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Examining the Fundamental Elements of an Information Chain

In today's interconnected world, the exchange of information plays a crucial role in the effective functioning of institutions and organisations. Whether for regulatory supervision, benefit allocation, or policymaking, institutions heavily rely on the accurate and timely exchange of information, as it is essential for decision-making and business processes.

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Once two or more parties engage in the exchange of information, an information chain is formed. In its simplest form, an information chain involves transferring information between two parties: one that requires specific information and another that possesses the necessary data or has an obligation to report it. 

For this reason, having efficient and reliable information channels is crucial for organisations to function smoothly and achieve their objectives. However, as this information is often obtained from various sources, including other agencies, citizens, or external organisations, information chains can become more complex, involving multiple parties interacting in parallel or following intricate interaction patterns. By understanding the dynamics and significance of information exchange in chains, we can recognise its vital role in various sectors, including governance, public services, and policymaking. In this blog, we will delve into the concept of an information chain in its basic form involving two parties and other more intricate scenarios involving multiple entities.

The Vital Links in an Information Chain: A Breakdown

In an information chain, the chain consists of various links, each serving a specific role. These links include:

  • Reporting subject, which refers to the entity being reported on. A subject can take many forms, including an organisation, a person, an object like a container, or even an activity resulting from a production process.
  • Reporters who voluntarily or mandatory report on the subject. They collect the required data and create the report.
  • Auxiliary services that bring additional services to the information chain; for example, auditors bring trust through validation or signing off on reports. Other examples are a (trusted) look-up registry of participants, the delegation of authorisations, and the identification of participants.
  • Senders who handle the technical transfer of information and are often intermediaries or solution providers for integration. For example, bookkeepers or suppliers of (SaaS) solutions that offer integrations for information exchange.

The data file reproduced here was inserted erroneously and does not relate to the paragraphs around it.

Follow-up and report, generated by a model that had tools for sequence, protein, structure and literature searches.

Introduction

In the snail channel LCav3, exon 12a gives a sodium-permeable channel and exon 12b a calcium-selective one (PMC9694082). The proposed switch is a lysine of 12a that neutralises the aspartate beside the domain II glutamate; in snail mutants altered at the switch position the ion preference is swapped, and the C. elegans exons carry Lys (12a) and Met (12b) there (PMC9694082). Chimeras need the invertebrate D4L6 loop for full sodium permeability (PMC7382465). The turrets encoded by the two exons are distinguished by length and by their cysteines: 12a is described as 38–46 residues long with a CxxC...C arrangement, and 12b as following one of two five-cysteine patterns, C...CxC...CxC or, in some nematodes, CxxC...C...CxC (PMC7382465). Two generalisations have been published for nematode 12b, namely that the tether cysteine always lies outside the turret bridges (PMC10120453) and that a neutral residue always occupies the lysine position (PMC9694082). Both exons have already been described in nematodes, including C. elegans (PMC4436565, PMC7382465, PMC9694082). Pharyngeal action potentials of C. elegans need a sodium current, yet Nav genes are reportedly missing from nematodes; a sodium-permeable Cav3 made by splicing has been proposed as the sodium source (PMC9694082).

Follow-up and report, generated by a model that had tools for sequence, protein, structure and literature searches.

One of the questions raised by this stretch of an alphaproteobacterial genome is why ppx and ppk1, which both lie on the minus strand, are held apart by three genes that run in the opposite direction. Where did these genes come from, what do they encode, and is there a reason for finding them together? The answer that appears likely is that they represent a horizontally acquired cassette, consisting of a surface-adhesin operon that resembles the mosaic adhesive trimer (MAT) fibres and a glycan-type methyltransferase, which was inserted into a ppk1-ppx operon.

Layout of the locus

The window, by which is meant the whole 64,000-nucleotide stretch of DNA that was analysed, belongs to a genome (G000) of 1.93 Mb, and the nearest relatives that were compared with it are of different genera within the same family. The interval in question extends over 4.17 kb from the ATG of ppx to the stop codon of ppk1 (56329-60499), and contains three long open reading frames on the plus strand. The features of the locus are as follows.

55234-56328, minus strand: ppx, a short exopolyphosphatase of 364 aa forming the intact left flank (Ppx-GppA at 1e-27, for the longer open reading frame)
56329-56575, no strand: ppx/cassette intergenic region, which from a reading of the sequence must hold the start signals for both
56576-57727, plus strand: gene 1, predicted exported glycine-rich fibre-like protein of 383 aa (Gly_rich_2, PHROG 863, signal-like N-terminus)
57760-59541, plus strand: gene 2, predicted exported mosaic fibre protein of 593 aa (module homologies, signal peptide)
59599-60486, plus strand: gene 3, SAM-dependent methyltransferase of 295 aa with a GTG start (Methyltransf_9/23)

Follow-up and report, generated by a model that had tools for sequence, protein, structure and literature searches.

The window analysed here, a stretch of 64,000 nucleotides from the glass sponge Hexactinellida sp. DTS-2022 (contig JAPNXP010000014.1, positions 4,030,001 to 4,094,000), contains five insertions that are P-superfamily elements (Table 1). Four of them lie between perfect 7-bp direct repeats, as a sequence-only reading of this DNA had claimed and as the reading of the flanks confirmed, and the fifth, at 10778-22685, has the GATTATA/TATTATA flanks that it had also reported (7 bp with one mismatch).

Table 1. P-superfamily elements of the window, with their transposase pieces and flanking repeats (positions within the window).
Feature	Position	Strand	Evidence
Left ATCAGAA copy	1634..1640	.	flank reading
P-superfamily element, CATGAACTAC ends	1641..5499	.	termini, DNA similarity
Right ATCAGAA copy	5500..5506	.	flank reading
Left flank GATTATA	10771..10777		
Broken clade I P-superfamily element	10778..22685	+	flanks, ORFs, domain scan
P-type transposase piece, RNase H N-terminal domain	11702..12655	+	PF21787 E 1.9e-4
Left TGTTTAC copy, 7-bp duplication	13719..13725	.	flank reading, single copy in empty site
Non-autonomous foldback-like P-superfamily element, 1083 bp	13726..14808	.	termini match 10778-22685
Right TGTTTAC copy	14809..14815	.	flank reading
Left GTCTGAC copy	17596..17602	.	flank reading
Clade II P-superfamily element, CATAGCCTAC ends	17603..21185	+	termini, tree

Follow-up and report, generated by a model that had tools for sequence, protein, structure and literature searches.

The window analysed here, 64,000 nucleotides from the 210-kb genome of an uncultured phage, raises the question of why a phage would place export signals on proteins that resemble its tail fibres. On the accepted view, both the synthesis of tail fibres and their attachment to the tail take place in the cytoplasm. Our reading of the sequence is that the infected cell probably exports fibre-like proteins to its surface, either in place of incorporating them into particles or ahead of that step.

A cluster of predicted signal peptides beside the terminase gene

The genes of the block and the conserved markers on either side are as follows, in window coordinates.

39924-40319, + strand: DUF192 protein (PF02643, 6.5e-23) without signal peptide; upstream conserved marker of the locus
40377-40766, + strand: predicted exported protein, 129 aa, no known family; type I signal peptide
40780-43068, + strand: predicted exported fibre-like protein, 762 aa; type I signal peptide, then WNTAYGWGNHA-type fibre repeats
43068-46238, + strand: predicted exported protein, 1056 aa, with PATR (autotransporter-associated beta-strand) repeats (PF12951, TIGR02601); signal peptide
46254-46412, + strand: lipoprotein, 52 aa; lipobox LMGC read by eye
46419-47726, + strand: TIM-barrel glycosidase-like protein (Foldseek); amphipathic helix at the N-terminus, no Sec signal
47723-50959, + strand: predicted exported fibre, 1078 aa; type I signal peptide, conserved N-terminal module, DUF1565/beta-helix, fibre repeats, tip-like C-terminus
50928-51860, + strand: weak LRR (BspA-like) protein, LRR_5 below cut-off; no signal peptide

• Data standard setters define the format and structure of the data, specifying how data should be received. Depending on the data standard, they can be optimised to be human or machine-readable. Data can be presented either in an ‘Unstructured’ way, which is unsuitable for automatic processing (e.g., Text in a document or email, PDF, unstandardised Excel/CSV) or in a ‘Structured’ way (e.g., Excel/CSV based on templates, JSON, XML and XBRL). Or, in the case of iXBRL, both.
  • Interfaces, such as email, portals, REST APIs, or ebMS, facilitate the exchange of information and have characteristics like simplicity, reliability, scalability, interoperability, and maintainability. Choosing the correct interface type given the context is very important in achieving successful information exchange.


  • Data exchange processes, which ensure information reliability, security, validation, conversion, and distribution. Depending on the requirements of the information exchange performed, they can ensure access control, validation, conversion, assurance, distribution, audit, and reliability.
  • Receivers, like senders, handle the technical transfer of information, often as service providers or middleware components to integrate into an IT infrastructure.
  • Data requesters/processors, which process the received data in their core processes, making decisions or performing analyses based on it. They may have different data needs and require transformations or optimisations for specific tasks or systems.

Other stakeholders, who, while not directly participating in the information exchange, hold a vested interest in it. These include sector associations, legislative bodies, impacted stakeholders, members of civil society, academics, and non-governmental organisations.


10 lenses to give you the insights you need into information exchange

Blogpost 10 lenzen voor een beter zicht op informatie-uitwisselingInformation exchange is not fun, but it is necessary. Just as how we use a common language to communicate with others, companies and regulators need a standardised way to speak the same language when exchanging financial and business information. Adopting a standardised language to exchange information is essential to ensure compatibility and comprehension between all participants. Read more